Of the 464 colleges and universities on the 50-50 list, 179 of them are public institutions. Furthermore, 50-50 schools are not distributed equally among all of the states. That means that if you want to start your search with the largest number of schools possible, you don’t want to immediately eliminate out-of-state public institutions.
For some, the idea of paying out-of-state tuition to attend a university in another state would seem foolish. After all, out-of-state tuition can make public institutions some of the most expensive colleges around.
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When to consider out-of-state public universities
However, the key word is “can.” Those that live in states that participate in tuition exchange/reduction organizations such as the Academic Common Market or the Western Undergraduate Exchange should check the participation requirements.
Furthermore, there are plenty of instances where another state’s out-of-state tuition is still significantly lower than private college tuition. For those that may be limited by geography or unable to qualify for substantial merit money, including public institutions with the lowest out-of-state tuition in their search list makes sense.
Most Expensive and Cheapest Colleges
The table below lists show the top 30 most expensive and cheapest public 50-50 schools based on out-of-state tuition according to IPEDS data available in July 2018. A total of 20 50-50 colleges had a total price for out-of-state students of $30,000 or less which is an improvement from the 18 from the previous year. Among public 50-50 schools, 89 are on among the most expensive colleges with an out-of-state cost of $40,000 or more. This 11 more than those based on the 2016-17 tuition data.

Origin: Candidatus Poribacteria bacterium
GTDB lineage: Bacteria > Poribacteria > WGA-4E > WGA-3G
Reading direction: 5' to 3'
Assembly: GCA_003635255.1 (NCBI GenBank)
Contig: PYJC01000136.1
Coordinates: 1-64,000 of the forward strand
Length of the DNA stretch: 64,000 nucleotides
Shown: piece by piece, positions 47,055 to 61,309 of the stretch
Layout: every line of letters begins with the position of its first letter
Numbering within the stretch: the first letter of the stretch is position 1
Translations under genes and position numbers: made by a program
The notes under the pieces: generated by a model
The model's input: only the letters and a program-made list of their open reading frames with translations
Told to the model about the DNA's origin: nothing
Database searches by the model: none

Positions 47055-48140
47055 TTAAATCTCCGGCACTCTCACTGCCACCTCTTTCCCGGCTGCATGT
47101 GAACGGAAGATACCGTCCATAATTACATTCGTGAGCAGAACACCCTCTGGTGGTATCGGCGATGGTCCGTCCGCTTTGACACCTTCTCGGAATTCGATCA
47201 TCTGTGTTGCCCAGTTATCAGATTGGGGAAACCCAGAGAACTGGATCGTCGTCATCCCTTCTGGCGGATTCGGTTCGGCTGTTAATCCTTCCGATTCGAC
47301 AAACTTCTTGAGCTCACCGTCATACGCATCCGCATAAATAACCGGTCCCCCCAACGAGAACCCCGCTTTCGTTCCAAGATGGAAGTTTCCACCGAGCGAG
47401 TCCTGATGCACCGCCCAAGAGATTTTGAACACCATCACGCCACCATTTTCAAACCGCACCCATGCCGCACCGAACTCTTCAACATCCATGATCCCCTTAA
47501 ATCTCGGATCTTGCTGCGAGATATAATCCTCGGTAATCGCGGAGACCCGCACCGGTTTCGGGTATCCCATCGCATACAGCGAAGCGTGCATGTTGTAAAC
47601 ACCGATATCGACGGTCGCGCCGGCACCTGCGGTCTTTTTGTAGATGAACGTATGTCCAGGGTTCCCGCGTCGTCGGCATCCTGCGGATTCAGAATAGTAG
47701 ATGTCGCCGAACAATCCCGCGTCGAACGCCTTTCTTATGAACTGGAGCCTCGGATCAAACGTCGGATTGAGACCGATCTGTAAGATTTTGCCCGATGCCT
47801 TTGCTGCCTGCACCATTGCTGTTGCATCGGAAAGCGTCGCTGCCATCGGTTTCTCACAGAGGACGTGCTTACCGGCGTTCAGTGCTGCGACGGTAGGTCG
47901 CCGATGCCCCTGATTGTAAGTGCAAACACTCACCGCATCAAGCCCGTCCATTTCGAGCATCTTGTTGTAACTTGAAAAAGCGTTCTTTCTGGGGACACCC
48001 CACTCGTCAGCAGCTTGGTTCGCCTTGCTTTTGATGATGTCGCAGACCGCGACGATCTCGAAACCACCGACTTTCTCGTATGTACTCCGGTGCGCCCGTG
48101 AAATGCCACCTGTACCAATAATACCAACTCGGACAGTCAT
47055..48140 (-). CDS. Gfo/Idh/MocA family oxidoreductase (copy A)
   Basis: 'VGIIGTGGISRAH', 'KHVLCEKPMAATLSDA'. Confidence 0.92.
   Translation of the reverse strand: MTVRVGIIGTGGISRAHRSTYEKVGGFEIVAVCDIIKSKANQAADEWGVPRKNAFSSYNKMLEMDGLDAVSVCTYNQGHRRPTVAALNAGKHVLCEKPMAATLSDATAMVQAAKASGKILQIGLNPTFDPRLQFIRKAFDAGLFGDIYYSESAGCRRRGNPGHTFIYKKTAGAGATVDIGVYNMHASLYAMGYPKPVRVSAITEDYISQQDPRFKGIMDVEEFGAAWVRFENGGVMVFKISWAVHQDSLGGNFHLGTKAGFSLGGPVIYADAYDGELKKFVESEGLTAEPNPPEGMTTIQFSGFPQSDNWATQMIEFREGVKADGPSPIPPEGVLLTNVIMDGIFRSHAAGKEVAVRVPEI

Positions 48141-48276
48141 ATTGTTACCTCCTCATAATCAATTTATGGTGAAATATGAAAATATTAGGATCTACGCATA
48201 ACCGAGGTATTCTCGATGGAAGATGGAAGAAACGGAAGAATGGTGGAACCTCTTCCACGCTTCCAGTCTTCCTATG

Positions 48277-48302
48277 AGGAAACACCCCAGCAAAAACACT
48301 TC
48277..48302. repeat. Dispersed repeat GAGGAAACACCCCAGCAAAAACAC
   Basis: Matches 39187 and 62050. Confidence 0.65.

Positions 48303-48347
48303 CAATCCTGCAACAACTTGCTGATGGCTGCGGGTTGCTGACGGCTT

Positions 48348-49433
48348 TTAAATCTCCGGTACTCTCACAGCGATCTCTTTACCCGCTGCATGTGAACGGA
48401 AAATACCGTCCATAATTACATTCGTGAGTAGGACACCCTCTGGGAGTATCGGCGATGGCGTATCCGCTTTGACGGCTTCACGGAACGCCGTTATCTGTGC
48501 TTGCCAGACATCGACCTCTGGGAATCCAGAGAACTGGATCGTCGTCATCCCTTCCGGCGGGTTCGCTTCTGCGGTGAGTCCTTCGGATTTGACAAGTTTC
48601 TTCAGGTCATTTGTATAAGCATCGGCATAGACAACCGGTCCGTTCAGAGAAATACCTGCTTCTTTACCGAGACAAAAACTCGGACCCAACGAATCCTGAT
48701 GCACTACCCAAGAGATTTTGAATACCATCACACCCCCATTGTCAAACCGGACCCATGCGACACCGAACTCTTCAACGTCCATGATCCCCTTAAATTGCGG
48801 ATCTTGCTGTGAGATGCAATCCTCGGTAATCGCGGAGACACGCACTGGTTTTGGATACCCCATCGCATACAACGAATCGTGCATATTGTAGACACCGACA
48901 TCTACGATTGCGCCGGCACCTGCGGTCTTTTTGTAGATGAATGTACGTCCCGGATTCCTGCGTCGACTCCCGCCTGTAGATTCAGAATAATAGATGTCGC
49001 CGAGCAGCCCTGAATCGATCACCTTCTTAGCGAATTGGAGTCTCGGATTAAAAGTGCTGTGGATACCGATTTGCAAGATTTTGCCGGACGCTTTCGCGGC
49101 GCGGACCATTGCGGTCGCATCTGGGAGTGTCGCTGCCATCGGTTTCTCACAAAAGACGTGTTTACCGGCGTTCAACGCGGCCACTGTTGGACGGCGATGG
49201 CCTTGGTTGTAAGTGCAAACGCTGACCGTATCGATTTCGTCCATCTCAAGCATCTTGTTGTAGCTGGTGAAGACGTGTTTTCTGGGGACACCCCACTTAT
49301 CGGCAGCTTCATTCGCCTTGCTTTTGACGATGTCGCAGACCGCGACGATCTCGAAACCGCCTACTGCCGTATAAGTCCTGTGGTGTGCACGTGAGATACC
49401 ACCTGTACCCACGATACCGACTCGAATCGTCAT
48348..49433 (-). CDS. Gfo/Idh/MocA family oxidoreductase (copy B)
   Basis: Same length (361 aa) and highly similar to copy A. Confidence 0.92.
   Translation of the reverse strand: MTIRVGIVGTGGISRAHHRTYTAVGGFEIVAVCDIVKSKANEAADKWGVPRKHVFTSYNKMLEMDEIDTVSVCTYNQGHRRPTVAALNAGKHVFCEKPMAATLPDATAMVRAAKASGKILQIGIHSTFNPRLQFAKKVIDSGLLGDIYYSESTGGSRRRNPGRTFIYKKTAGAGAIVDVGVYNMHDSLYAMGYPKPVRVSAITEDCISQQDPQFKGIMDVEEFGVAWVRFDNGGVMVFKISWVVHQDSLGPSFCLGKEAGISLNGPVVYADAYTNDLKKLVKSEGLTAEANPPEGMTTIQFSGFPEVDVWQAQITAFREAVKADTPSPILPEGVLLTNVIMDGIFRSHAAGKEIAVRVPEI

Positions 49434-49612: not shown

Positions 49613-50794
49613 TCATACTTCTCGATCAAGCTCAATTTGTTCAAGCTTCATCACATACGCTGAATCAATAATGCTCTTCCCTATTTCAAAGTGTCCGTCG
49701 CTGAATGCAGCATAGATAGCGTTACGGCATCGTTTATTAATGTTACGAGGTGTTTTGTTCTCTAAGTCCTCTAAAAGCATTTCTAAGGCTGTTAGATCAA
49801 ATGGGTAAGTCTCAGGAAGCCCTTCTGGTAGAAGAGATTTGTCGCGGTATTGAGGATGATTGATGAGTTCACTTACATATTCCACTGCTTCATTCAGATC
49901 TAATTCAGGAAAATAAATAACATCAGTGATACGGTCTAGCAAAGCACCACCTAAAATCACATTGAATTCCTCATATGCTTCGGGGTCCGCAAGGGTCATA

California and South Carolina tied for the most schools on the most expensive colleges list with three each. However, the California schools were by far the most expensive with all three coming in over $60,000 for out-of-state students. The University of Vermont came in second at $56,890 and the University of Colorado was third at $54,312.
Wisconsin had the most schools on the cheapest list with 5 followed by Massachusetts with 4. Pennsylvania, Minnesota, and Missouri all had three each. Only ten states had at least one institution that with a total cost of attendance of less than $30,000. Five states had at least one school on each list.
In the following table, the five-year graduation is used for public schools. Also beware that average net price is based on students paying in-state tuition.
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30 Most Expensive and Cheapest 50-50 Public Colleges
Ranked by Out-of-State Tuition (Total Price)